The Student Government Association (SGA) has no idea what it is doing.
Now that I have your attention, let me explain why this is not the damning indictment that it seems. Specifically, SGA has no idea what it is doing when it comes to allocating money to what they call Tier I organizations—the Student Center and the Campus Recreation Center (CRC). These two organizations both have annual budgets of over $1 million, determined entirely or mostly by the whims of the often unruly SGA budget process.
How it works, in short, is that every year students give $123 of their (or their parents’) hard-earned scratch per semester, which goes into a big pot. SGA takes this money and allocates it in budgets to the previously mentioned Tier I, Tier II, and Tier III, Of the almost $5 million allocated last year, $3,233,875 or 69 percent went to Tier I.
The first problem is that SGA does not really have the ability or the time to understand the requested budgets of these organizations. The CRC, which accounted for a staggering $2 million of the budget, is literally a multi-million dollar recreation center and gym.
Understanding everything it does and how it spends its budget is a full-time job. Yet we apparently expect that students who already have a lot going on can become informed enough to make strategic cuts.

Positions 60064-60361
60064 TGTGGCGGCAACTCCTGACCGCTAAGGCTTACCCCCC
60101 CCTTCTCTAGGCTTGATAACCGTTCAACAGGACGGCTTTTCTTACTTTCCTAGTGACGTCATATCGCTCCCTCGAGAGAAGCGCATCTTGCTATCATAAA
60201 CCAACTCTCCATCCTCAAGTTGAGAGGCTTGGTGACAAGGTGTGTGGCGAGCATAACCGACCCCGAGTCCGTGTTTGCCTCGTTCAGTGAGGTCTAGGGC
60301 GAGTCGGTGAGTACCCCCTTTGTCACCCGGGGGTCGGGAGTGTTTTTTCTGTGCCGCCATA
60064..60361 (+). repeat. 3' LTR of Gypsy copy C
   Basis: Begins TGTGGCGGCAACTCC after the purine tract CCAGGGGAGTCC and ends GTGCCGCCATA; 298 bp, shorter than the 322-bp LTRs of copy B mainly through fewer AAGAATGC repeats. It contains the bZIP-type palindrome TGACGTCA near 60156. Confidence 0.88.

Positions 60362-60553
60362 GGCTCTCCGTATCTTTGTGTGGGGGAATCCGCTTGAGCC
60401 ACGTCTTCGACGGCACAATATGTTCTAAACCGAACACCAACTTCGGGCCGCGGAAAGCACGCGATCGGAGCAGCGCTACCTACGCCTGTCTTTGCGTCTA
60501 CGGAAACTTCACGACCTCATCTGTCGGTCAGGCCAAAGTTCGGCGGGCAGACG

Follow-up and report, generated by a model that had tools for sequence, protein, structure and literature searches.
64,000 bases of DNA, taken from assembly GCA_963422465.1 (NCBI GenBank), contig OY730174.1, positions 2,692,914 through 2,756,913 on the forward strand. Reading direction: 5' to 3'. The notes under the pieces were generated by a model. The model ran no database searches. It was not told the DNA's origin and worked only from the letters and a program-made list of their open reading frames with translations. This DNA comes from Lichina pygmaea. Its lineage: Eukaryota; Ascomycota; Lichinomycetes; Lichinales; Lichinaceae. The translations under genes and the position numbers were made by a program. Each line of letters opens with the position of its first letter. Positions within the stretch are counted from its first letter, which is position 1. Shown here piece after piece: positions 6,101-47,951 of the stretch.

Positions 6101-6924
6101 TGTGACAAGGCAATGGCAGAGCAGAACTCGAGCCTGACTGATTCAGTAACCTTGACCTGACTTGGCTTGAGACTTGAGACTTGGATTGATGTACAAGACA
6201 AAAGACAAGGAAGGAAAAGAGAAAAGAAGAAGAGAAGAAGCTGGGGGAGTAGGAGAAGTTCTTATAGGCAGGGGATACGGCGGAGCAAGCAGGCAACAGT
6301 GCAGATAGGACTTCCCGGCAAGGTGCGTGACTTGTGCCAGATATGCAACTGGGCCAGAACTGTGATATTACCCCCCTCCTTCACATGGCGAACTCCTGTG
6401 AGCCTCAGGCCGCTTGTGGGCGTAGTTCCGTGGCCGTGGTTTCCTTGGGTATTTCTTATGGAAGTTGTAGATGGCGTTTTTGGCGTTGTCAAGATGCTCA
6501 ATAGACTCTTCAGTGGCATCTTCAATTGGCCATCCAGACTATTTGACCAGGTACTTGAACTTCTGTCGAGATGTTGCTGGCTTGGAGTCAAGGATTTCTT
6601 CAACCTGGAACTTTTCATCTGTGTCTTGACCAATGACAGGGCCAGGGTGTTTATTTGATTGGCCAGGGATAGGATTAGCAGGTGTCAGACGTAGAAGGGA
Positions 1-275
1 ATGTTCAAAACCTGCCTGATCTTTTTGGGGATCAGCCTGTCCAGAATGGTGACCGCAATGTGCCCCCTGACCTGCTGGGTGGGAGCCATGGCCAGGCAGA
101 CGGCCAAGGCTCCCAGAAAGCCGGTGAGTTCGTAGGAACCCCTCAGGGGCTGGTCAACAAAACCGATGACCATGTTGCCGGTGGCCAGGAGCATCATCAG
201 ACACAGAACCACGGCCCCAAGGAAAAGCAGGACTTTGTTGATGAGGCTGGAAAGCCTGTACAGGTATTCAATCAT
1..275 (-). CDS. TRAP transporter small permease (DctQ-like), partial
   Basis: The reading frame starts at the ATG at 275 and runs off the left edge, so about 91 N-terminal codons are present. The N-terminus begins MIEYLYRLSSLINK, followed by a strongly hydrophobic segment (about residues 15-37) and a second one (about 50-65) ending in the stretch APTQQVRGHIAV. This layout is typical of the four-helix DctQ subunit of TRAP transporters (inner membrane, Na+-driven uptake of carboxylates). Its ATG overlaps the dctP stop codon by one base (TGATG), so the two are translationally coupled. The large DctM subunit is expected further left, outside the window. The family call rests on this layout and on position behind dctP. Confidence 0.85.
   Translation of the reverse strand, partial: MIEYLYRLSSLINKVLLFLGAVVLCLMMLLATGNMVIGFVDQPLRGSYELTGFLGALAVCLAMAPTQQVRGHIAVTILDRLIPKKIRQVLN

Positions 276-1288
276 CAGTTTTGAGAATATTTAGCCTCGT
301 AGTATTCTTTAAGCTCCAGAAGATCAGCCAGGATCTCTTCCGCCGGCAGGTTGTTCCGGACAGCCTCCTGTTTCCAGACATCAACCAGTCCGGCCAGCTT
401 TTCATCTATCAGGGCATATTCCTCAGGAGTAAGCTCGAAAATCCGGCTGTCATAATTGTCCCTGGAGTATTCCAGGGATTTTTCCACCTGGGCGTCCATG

I could go on a rant about the various ways SGA wastes money. SGA has spent money on things such as rewards for members doing what is, essentially, their jobs, like food for its members and other things which it would never approve for other organizations.
SGA even offered a bill to pay for members to have dinner at Gordon Biersch, although apparently sanity prevailed at some point and the bill failed—but only barely.
While SGA does actually think through most of their funding decisions. My point is just that their judgement is not unassailable.
This is not the only problem with this arrangement, however. It also means that SGA has less time to be more thorough in reviewing the budgets for things most students would actually think about when discussing “student activity.”
With meetings that usually run past midnight, having to sort through these massive budgets prevents SGA from carefully considering smaller budget.
The solution is obvious. Break the student activity fee into two or three fees. Fund the Student Center and CRC through their own fees and let budgetary decisions be made by those within those organizations who have the time to understand the impact of cuts.
This would not only give SGA the time to spend more time considering the budgets of student groups, but it would also make clear to students where their fee money and make everyone more accountable to the student body.